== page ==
Security experts have found that over 80,000 Hikvision cameras have been found to be vulnerable to a severe command injection problem that can be quickly exploited by sending carefully designed messages to the weak web server. The vulnerability, identified as CVE-2021-36260, was fixed by Hikvision in September 2021 through a firmware upgrade. However, according to a whitepaper released by CYFIRMA, tens of thousands of systems employed by 2,300 businesses across 100 countries have still not received the security upgrade.
Threat actors of various skill levels can look for and use CVE-2021-two 36260’s publicly known vulnerabilities, one of which was released in October 2021 and the other in February 2022. A Mirai-based botnet known as “Moobot” abused the specific exploit in December 2021 to expand quickly and recruit systems into DDoS (distributed denial of service) swarms. In January 2022, CISA warned that CVE-2021-36260 was one of the actively exploited issues on the list that was then available, cautioning businesses to patch the vulnerability since it may allow attackers to “take control” of their systems.
According to CYFIRMA, Russian-speaking hacker sites frequently offer for sale network access points that rely on Hikvision cameras that can be used for either lateral or “botnetting” movement. The cybersecurity company discovered that some 80,000 of the 285,000 Hikvision web servers with internet access were still exploitable. The majority of these are found in China and the United States. Still, there are also more than 2,000 susceptible endpoints in Vietnam, the United Kingdom, Ukraine, Thailand, South Africa, France, the Netherlands, and Romania.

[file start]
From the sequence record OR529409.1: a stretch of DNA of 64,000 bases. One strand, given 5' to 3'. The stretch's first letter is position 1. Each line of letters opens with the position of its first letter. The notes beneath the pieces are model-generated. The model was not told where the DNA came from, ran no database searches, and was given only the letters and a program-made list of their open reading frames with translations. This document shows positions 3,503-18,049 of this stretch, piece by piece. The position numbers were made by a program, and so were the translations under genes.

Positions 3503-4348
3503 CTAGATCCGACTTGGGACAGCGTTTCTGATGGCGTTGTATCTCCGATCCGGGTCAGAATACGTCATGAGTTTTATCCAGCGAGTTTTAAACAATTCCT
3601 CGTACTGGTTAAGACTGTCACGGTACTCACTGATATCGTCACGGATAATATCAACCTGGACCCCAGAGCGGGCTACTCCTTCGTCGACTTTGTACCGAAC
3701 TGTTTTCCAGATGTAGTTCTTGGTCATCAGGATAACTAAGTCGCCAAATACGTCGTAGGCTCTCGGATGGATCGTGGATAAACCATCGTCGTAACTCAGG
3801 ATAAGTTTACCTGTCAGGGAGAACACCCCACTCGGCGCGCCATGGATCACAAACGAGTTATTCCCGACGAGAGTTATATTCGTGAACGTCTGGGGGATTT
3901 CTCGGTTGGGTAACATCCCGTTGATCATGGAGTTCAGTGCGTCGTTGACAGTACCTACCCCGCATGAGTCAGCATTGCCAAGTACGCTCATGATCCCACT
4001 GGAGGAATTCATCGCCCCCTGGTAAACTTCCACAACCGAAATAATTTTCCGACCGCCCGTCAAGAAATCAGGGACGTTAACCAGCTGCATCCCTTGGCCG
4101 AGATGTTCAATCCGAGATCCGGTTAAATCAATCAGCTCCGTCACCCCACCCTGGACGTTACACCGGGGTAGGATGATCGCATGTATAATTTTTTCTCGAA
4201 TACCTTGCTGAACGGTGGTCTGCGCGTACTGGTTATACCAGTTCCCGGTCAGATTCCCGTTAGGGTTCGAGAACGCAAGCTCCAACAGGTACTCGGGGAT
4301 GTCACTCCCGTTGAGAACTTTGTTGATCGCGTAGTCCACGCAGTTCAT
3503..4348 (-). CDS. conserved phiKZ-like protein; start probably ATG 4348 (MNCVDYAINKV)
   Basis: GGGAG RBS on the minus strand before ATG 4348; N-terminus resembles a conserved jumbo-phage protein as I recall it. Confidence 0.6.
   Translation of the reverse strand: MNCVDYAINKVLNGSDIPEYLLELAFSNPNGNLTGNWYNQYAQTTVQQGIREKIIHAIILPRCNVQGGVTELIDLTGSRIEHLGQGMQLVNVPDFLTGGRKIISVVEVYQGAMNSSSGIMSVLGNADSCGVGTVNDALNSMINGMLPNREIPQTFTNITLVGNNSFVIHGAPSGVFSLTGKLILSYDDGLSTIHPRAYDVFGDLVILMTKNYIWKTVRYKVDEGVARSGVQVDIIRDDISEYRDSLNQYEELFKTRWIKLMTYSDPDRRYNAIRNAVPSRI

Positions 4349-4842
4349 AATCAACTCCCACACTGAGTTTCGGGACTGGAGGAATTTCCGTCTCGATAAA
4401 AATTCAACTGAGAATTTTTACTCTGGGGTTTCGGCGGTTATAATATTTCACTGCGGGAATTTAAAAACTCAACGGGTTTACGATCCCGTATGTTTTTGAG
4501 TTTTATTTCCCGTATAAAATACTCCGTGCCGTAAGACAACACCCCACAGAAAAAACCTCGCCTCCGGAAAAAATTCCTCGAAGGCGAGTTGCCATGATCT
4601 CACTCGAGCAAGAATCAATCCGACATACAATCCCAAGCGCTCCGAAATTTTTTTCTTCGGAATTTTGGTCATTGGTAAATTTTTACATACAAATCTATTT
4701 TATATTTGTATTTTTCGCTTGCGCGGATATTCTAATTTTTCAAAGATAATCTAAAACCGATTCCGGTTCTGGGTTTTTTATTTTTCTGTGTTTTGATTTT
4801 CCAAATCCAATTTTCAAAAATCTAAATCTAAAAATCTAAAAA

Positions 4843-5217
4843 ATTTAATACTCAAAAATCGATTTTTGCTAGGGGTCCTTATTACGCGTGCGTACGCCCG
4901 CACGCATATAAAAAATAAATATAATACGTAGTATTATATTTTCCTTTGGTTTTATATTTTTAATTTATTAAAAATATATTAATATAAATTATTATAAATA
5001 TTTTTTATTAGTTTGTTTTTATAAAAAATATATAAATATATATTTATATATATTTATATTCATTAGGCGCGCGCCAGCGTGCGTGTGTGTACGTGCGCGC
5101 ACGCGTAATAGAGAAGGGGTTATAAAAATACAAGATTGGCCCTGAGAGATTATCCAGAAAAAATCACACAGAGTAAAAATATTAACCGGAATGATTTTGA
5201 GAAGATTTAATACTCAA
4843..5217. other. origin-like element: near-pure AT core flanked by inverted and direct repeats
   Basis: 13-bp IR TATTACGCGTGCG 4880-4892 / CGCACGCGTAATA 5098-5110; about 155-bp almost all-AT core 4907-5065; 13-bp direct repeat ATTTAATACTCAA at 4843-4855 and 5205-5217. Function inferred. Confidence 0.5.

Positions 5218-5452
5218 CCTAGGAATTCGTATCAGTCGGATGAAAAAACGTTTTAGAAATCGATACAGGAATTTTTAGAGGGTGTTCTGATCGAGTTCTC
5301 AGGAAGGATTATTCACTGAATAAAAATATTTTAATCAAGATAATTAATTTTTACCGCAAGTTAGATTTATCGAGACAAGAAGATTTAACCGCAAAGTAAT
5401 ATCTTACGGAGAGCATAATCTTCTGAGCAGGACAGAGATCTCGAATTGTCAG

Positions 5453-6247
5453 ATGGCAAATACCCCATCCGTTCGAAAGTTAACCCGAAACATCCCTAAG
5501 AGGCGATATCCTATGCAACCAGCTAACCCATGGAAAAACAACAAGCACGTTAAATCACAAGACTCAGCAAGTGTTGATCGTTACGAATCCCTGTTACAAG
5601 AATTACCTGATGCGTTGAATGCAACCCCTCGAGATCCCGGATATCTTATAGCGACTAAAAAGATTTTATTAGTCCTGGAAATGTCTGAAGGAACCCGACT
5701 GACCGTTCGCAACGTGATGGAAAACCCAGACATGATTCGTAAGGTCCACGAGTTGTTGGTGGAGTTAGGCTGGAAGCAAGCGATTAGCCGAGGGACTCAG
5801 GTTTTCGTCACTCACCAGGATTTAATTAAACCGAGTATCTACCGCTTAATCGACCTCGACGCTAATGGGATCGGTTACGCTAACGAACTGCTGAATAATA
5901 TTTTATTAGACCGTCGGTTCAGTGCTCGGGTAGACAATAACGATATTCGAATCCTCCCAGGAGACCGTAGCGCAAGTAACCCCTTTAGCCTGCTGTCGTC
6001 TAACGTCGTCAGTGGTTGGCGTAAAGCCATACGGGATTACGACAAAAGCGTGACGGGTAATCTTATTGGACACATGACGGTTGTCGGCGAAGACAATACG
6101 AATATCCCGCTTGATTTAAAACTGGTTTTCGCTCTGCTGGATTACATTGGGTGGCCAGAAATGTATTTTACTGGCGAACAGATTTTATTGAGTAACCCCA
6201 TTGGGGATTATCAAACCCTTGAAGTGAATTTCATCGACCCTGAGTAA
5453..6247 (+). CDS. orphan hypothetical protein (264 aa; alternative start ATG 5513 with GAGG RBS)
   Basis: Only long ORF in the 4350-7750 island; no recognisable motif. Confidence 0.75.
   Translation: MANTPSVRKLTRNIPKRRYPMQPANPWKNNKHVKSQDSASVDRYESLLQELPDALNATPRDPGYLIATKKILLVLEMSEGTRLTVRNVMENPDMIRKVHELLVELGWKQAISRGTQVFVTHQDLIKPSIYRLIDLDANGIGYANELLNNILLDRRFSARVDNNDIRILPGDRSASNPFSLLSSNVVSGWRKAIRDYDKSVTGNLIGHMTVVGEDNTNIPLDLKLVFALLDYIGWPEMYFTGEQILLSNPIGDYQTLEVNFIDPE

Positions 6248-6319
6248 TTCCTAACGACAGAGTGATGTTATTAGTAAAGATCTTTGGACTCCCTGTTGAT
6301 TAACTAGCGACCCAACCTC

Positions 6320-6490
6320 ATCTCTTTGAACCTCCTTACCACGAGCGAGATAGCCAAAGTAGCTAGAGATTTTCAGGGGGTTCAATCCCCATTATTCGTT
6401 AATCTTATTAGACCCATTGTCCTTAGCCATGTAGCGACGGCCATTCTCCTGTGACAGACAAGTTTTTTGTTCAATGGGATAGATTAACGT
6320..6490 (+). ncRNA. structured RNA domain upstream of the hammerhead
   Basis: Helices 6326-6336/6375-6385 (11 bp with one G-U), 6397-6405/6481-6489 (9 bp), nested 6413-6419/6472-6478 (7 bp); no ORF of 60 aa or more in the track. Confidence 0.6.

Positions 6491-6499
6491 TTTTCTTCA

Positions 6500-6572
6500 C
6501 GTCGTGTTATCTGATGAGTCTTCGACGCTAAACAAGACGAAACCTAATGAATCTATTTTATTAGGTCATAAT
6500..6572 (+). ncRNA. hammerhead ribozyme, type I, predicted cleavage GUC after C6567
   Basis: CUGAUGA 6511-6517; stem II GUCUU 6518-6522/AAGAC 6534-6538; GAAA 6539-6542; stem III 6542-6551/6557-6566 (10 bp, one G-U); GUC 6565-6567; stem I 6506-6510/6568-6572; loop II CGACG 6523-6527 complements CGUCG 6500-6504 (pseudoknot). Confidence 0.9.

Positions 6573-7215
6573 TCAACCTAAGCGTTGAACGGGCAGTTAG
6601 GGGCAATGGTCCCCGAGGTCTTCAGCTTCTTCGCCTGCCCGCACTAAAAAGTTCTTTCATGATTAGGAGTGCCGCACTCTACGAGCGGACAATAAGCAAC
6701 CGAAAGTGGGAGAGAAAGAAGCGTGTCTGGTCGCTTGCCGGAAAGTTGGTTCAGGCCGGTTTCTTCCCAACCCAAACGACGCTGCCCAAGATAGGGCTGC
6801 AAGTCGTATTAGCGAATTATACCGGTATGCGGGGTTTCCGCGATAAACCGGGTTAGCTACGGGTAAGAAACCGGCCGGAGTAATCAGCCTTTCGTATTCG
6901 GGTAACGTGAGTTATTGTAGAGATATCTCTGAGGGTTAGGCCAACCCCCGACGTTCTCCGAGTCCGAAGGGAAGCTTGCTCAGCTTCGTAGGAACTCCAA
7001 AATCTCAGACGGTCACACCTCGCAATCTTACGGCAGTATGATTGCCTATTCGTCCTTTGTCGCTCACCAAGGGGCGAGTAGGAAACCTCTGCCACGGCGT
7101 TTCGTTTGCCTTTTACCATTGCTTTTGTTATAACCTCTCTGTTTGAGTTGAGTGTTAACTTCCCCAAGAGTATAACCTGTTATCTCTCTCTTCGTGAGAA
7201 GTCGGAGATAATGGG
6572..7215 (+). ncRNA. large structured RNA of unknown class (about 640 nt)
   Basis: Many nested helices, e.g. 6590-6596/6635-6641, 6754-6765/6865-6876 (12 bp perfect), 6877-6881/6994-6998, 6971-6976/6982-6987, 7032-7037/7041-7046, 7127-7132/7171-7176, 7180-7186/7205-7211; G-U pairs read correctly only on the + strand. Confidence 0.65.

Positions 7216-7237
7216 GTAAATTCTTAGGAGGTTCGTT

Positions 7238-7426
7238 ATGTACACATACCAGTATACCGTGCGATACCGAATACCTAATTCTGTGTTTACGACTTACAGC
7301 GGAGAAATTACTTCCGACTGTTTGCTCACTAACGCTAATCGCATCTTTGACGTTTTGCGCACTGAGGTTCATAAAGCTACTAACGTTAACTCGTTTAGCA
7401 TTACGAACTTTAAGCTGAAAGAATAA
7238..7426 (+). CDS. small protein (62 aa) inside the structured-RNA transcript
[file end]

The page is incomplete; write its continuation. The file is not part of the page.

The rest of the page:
CYFIRMA highlights the examples of the Chinese hacker organizations APT41 and APT10, as well as Russian threat groups specializing in cyberespionage, even if the exploitation of the vulnerability does not yet follow a set pattern because several threat actors are engaged in this attempt. They illustrate a cyberespionage operation called “think pocket” that has been attacking a well-liked connectivity product employed by various global companies since August 2021.
“From an External Threat Landscape Management (ETLM) analogy, cybercriminals from countries that may not have a cordial relation with other nations could use the vulnerable Hikvision camera products to launch a geopolitically motivated cyber warfare,” explains CYFIRMA in the whitepaper.
Along with the command injection vulnerability, another problem is weak passwords that users create out of convenience or come pre-installed on the device and aren’t changed during the initial setup. On clearnet hacking forums, a number of lists containing passwords for Hikvision camera live video streams were discovered, some of which were even free. If you handle a Hikvision camera, use a secure password, separate the IoT network from crucial assets using a firewall or VLAN, and apply the most recent firmware update immediately.